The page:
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Archive for the ‘Nostalgia’ Category

je-2In a shocking turn of events, I have not written any more of my novel since last week. My idea now seems very slight and unimportant in light of world events. Instead, we have moved back into our house after the renovation, and I have spent most of my time dealing with an existential crisis that has taken root in the rich compost of all the stuff in our house.

I need to cull our belongings. This is a truth universally known. But I am also a sentimentalist at heart. I know how you’re meant to get rid of things: ask do I wear them/use them/need them? Could someone else benefit from them? One or two yeses and out they go. Well, that’s all fine in theory. But in reality? There are more questions than that.

Here are but two of the quandaries I have been wrestling with. Multiply this by a few hundred and you have an idea of why I am not achieving a lot.  (more…)

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sketchofme

Me, making a to-d0 list. Sketch by H. 

  1. Attend My 20th High School Reunion

This weekend I’m going my 20th high school reunion, an event that simultaneously makes me very excited and want to fake a bad case of gastro.

I’m curious about what the women I went to school with for six years have done with their lives, although a lot of it I already know because of the massive spoiler factory that is Facebook. For many people, the only revelations left will be what everyone looks like without several filters and when viewed front on, and not from an artfully high selfie angle. Speaking for myself, I’d recommend people come to the reunion in extremely high heels, or perhaps stilts, and with one of two extra pairs of contact lenses in, so I will look as svelte and dewy of chops as I look on the Internet. Related to the school reunion is the second item on my to-do list: (more…)

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FullSizeRender 2

Sample bookshelf from my parents’ attic: Just one of the many collections of books that tells you probably more than you need to know about my family.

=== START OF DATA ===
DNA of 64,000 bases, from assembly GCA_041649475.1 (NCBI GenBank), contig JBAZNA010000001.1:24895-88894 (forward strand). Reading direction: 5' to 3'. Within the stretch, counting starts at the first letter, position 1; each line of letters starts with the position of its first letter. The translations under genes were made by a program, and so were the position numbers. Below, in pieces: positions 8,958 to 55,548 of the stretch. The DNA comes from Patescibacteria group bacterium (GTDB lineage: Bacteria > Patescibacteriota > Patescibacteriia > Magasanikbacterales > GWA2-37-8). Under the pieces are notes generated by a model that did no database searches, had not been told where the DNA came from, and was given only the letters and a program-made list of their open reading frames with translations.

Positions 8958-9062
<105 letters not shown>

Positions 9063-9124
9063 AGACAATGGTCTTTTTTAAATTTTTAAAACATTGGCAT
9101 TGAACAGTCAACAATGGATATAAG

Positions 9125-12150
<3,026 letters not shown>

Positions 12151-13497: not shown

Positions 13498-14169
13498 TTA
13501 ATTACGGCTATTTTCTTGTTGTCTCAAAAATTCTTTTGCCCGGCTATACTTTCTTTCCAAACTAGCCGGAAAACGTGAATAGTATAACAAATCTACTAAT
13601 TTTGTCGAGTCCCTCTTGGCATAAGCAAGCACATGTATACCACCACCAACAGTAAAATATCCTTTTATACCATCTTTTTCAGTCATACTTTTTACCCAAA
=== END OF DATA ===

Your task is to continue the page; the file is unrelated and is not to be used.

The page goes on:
Our renovation is about to begin. We have packed everything from one half of our house and jammed it into the other half. The builders are going to knock out few of our walls, fiddle around with the layout a bit, and put in a new kitchen. The house is very overdue for some care and maintenance, but knowing the renovation was approaching we’ve treated it like a teacher treats their class in the last weeks of the academic year. Gradually everything has fallen apart, and we’ve stopped caring and worked around it. It’s been the domestic equivalent of the teacher putting on a video of ‘Behind The News’ every day for two weeks and reading a book while the class flicks spit balls around and braids each other’s hair.

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beststart

I was hoping the test hadn’t started yet.

 

May Blossom has just been for her pre-starting-school chat with a kindy teacher, which is called the Best Start Interview. I presume the point of this is to help decide which class to put the kids into, based on how smart they are and how high they can count, but we didn’t want to admit that to her so we told May Blossom it was so they didn’t put all the shy boys or all the kids called Gavin or all the redheads into the same class and create factions that could later become radicalised.

She insisted on wearing her full school uniform, which wasn’t required, but she felt there was no point in half-arsing it. You’ve got to dress for the class you want to be in, not the class you’re in, or something. (more…)